Ten years ago, I started my first ever real website.

It was called Carolina Freelance Writer, and I thought I was being clever with SEO.

The thought of it makes me cringe, but the reality is that I used that site until one year ago last month when I officially started my LLC and could take this site live.

So for four years (and a couple years before that when I was freelancing without a website), because of the wording of my URL, the best I could ever hope to refer to myself was as a freelance writer.

Because there it was, written in pixels in front of anyone who ever thought about hiring me.

That site was a blessing at first, but it turned into a curse.

At first, the site was a huge uplift in my freelance business.

I had a full-time job at the time, and I remember calling in sick to take a day to create the website and make it live.

And I was so glad I did. Because once it was done, I finally had credit. I finally had a real portfolio that I’d created. I finally had my own blog. I could “finally” be taken seriously as a real freelancer.

It worked for a while, but as the years passed, I started to loathe the label of “freelance writer.”

I wrote a piece for Skyword recently about how I had to stop referring to myself as a “freelance writer” just for the sake of people taking me seriously.

I hated being constantly reduced to the kind of “freelance writer” who wrote 500-word SEO pages for $10 a pop.

It relentlessly rubbed me the wrong way. Even though “freelance writer” was technically what I did for a living, the reaction I got to that title was not how I felt about my work, my value, and how I helped my clients in such huge ways.

So I had to figure out a way to make others see the value of my work, even if it was just in a passing conversation.

So, as an experiment, I slapped “Marketing Consultant” onto the end of my self-appointed title in a desperate hope that would help.

Yes, even though I didn’t like the world “consultant” because it’s a jargon word that means a whole lot of nothing on the surface. (And geez, it’s always better to be specific, right?)

But you know what?

It worked.

Now, I do actually have a background career in marketing, so it wasn’t something I just pulled out of my ass. (Titles are usually best when not pulled out of asses.)

But it was incredible how people suddenly respected me so much more—how they were so much truer to me—all because I’d just changed my title to something a little more weighty.

Yes, even though I ran the exact same business and did the exact same work.

Suddenly I was getting fewer requests to reduce my rates.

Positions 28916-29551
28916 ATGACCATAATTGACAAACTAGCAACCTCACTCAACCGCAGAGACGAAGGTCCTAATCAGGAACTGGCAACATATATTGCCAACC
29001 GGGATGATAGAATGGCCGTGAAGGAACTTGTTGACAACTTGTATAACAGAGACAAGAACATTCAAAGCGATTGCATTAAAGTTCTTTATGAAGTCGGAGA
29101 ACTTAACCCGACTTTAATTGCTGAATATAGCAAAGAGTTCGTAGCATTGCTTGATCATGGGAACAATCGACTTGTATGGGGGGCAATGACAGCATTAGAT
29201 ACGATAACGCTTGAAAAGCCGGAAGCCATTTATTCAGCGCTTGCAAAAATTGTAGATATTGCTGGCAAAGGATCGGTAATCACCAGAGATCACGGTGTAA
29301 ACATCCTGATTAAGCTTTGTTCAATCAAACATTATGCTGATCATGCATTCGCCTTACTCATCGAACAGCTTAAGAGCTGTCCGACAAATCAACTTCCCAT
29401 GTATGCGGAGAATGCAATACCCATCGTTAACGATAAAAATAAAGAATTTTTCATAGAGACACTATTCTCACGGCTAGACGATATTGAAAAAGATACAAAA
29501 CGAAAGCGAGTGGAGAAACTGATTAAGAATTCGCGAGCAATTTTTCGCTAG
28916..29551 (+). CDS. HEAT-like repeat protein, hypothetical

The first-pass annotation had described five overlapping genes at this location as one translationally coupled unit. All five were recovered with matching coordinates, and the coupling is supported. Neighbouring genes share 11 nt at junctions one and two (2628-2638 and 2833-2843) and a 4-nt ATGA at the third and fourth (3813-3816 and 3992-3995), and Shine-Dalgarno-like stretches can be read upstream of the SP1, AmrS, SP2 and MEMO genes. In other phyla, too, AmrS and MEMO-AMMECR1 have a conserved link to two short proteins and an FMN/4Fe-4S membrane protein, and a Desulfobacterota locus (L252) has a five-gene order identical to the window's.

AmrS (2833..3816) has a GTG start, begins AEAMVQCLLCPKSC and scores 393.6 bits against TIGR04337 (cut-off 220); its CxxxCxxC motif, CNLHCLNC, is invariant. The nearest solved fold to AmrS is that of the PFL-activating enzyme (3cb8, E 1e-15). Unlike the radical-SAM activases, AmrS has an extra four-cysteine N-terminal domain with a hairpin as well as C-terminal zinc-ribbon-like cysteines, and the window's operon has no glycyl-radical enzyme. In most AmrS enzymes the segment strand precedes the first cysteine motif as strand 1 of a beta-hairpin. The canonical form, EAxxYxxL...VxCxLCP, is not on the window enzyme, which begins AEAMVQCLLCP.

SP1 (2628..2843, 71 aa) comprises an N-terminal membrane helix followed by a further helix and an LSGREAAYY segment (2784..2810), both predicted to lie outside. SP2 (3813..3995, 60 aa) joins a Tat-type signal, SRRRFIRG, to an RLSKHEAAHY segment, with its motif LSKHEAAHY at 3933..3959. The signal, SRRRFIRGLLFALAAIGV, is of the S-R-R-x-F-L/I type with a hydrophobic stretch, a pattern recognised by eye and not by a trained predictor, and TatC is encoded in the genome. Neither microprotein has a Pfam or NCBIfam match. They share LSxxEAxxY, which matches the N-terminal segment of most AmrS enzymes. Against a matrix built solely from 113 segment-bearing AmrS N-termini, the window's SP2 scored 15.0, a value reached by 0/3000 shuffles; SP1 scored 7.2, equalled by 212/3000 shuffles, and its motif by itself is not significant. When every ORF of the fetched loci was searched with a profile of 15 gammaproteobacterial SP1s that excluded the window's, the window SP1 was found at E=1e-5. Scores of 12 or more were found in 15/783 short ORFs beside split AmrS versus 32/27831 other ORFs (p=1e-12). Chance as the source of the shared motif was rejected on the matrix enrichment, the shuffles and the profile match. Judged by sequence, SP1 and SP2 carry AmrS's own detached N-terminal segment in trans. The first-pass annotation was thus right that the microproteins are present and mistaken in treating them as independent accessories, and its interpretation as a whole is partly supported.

Suddenly I was entrusted with higher-level work from potential clients.

Suddenly I had far more referrals coming in.

And you know what that tells me?

Despite our mothers’ best warnings, boy oh boy, DO WE EVER judge books by their covers.

Yes, we are those exact judgmental creatures are dear and loving parents tried so hard not to create.

But you know what?

It doesn’t matter. We all are.

Because sometimes even something as simple and “non-existant” as perceived value actually has a huge impact on the real, actual value.

And, as smart business people, no matter how idealistic we are, this whole judging-a-book-by-its-cover thing is a game we’ve got to learn to play.

If we want to be those business people, freelancers, coaches and consultants that get paid the big bucks, that is.

And before you make any quick snap judgments on me, I’m the girl that’s so idealistic I will probably only ever drive a Prius, do my best not to shop at Wal-Mart, read books by the Dalai Lama, and have (tasteful) hippie bumper stickers on my car including but not limited to “Asheville is my ॐ.

But despite my ideology, I also realize that humans are insanely irrational.

And sometimes, not only does playing into someone’s irrationality benefit me, but it benefits them too.

Because I know I’m hella good at what I do.

And if my clients don’t value my work, then they either won’t hire me and will go for someone who’s not as good (and therefore a longer-term detriment to their business), or if they do hire me, they won’t regard the work as super important.

They’ll half-ass the design that accompanies the sales page copy I write for them.

They’ll take what I’ve written, and cut-and-paste bits and chunks of it out of order to fit their existing design.

They’ll essentially take something that’s super valuable, and make it worth less.

Which, since I am such an idealistic person and care about helping my clients, I don’t want to happen.

Which is why I’ve started playing into some of our innate irrationality as humans and up-leveling my title (which is now “Brand Message Consultant” or “Brand Psychology Consultant”) to make sure they see the potential value from the get-go and treat me, my expertise, and the work I produce with the respect it deserves.

And it’s why you should consider giving yourself a jargon-friendly “promotion” too. 

copy power

Because creating a situation where you “win” more does not have to be a zero-sum game. 

You can “win” more by getting paid more, and your clients can “win” more by placing the value on your work that it truly deserves… and getting 100% of the benefit you’re providing them.

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